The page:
You can specify position, direction, and up (as well as north, east,south, and west). position, direction and up need x, y and z keys specifying locations in ECEF metre coordinates, which means the origin is the centre of the Earth, positive Z points to the north pole, positive X points toward "Null Island" where the equator intersects with 0 degrees longitude, and positive Y points at (0, 90E) -- which is in the Indian Ocean south of the Bay of Bengal.

Name Required Type Default Description
position yes Cartesian 3 location of the camera.
direction yes Cartesian 3 The location camera is looking at.
up yes Cartesian 3 Which way is "up", which determines how the camera is rotated.

For most purposes positioning this way is difficult for normal humans. To see an example, move the camera to some location, click the "share" button (and choose to not use the URL shortner), then URL-decode the URL you get.

Example

"homeCamera": {
    "west": 105.51019777628066,
    "south": -39.61110094535454,
    "east": 161.48980219597954,
    "north": -9.09249015267353,
    "position": {
        "x": -6685409.955422118,
        "y": 7044952.140379313,
        "z": -4828130.30167422
    },
    "direction": {
        "x": 0.6155666547559182,
        "y": -0.6486719065674744,
        "z": 0.4475516184561574
    },
    "up": {
        "x": -0.30807420442344124,
        "y": 0.3246424737331665,
        "z": 0.8942580996654569
    }
}

Option 3: positionHeading (like an aircraft)

Setting positionHeading is useful for when you're showing a view from an aircraft or satellite, and overrides Options 1 and 2.

Name Required Type Default Description
cameraLongitude yes number Longitude of camera
cameraLatitude yes number Latitude of camera
cameraHeight yes number Height of camera above earth's surface, probably in metres
heading yes number In degrees clockwise from north (90 is east)
pitch yes number How much the camera is tilted, in degrees down from horizontal (-90 is straight down).
roll yes number How much the camera is rotated left or right, in degrees.

Example

"homeCamera": {
    "positionHeading": {
        "cameraLongitude": 145,
        "cameraLatitude": -37,
        "cameraHeight": 1000,
        "heading": 0,
        "pitch": -70,
        "roll": 0
    }
}

Option 4: lookAt (a feature)

lookAt is probably the most useful one for showing a feature on the map, and overrides Options 1, 2, and 3.

Name Required Type Default Description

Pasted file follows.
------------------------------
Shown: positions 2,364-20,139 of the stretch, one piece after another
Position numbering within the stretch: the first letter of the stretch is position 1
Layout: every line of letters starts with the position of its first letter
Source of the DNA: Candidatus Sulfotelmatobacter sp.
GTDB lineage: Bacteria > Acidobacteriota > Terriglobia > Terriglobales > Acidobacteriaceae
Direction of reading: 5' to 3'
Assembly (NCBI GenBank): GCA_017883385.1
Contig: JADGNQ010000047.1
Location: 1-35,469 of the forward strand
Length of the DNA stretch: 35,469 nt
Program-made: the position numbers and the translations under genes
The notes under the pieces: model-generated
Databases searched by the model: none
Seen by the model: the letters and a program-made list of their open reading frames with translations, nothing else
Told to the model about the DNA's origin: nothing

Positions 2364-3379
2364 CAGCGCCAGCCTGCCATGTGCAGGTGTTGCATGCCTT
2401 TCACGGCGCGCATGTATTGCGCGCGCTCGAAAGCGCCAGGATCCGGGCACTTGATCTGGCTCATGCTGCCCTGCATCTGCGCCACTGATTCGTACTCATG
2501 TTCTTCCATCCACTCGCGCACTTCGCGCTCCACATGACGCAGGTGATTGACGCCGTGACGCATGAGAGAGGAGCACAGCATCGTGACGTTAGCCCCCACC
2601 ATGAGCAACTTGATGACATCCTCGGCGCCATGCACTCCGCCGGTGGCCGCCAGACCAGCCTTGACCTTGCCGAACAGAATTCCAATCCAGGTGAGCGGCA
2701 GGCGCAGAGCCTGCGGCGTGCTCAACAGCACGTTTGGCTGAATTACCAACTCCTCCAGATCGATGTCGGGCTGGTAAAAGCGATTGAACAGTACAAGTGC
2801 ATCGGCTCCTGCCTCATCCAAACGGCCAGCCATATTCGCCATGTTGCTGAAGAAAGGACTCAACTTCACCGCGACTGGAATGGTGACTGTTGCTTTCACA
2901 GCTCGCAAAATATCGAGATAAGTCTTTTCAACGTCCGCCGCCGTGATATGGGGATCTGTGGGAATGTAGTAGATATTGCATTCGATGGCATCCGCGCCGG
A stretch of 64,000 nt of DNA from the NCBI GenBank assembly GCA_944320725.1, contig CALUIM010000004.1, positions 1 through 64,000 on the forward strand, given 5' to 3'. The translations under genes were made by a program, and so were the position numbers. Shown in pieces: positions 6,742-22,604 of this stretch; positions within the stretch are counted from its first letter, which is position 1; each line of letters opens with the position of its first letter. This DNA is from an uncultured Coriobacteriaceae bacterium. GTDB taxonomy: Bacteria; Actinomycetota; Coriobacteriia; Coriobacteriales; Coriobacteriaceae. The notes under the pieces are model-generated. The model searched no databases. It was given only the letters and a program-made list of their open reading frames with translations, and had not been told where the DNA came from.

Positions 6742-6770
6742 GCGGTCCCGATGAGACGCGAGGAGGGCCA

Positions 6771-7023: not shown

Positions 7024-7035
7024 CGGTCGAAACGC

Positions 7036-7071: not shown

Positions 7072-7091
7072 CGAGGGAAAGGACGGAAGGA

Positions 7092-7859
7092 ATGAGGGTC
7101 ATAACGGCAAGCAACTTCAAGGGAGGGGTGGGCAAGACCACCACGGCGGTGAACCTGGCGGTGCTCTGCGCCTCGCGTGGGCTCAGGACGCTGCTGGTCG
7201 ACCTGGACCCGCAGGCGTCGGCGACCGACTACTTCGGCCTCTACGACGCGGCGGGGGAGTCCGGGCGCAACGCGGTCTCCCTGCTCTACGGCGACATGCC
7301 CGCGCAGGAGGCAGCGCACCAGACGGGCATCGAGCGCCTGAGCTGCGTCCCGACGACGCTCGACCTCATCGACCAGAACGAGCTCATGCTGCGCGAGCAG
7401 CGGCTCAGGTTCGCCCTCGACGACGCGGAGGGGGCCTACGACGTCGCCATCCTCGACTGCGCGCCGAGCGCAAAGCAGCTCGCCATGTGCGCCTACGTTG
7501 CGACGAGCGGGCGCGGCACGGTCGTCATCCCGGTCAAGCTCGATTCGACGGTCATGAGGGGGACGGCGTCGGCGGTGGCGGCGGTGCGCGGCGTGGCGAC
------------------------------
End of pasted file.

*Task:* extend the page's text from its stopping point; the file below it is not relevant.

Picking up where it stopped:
targetLongitude yes number The longitude to look at.
targetLatitude yes number The latitude to look at.
targetHeight yes number In meters above the WGS84 ellipsoid (positive is up).
heading yes number In degrees clockwise from north.
pitch yes number How much the camera is tilted, in degrees down from horizontal (so negative values mean you're looking at the sky).
range yes number In meters from the thing you're looking at.

Example

"homeCamera": {
    "lookAt": {
        "targetLongitude": 145,
        "targetLatitude": 37,
        "targetHeight": 0,
        "heading": 0,
        "pitch": -90,
        "range": 1000
    }
}

Story

Definition of the story. This can be pretty complex to define for the standard user, the easiest way is to generate share url without url shortener.

Name Required Type Default Description
id yes string Id of the story.
title yes string Title of the story.
text yes string Text of the story.
shareData yes ShareData

ShareData

Name Required Type Default Description
version yes string "8.0.0" The version of share data.
initSources yes CatalogFileProperties

baseMaps

Definition of the base map model.

Name Required Type Default Description
items no basemapItem default list of basemaps The array of the base maps to be shown to the user. It will be combined with default list. To override the default basemap definition specify the id of the default basemap and parameter that need to be overriden.
defaultBaseMapId no string The id of the baseMap user will see on the first mapLoad. The value must be an id of the catalog item from the enabledBaseMaps array.
previewBaseMapId no string The id of the baseMap to be used as the base map in data preview. The value must be an id of the catalog item from the enabledBaseMaps array.
enabledBaseMaps no string[] all Array of base maps ids that is available to user. Use this do define order of the base maps in settings panel. Leave undefined to show all basemaps. The values must be an ids of the catalog item from the baseMaps items array.

Example

  "baseMaps": {
    "items": [
      {
        "item": {
          "id": "basemap-positron",
          "name": "Base map positron customized name",
        },
        "image": "build/TerriaJS/images/time-series-guide.jpg"
      },
      {
        "item": {
          "id": "test-basemap",
          "name": "Voyager with labels",
          "type": "open-street-map",
          "url": "https://basemaps.cartocdn.com/rastertiles/voyager_labels_under/",
          "attribution": "© <a href='https://www.openstreetmap.org/copyright'>OpenStreetMap</a>, © <a href='https://carto.com/about-carto/'>CARTO</a>",
          "subdomains": ["a", "b", "c", "d"],
          "opacity": 1.0
        },
        "image": "build/TerriaJS/images/Australia.png"
      },
      {
        "item": "//Surface Geology",
        "image": "build/TerriaJS/images/Australia.png"
      }
    ],
    "defaultBaseMapId": "basemap-positron",
    "previewBaseMapId": "basemap-natural-earth-II"
  }

baseMapItem

Definition of the baseMap model.

Name Required Type Default Description
item yes Catalog Item Catalog item defition to be used for the base map. It is also possible to reference an existing catalog item using its id (i.e. "//Surface Geology").
image yes string Path to an image file of the baseMap image to be shown in Map Settings

Cartesian 3

Name Required Type Default Description
x yes number The X component.
y yes number The Y component.
z yes number The Z component.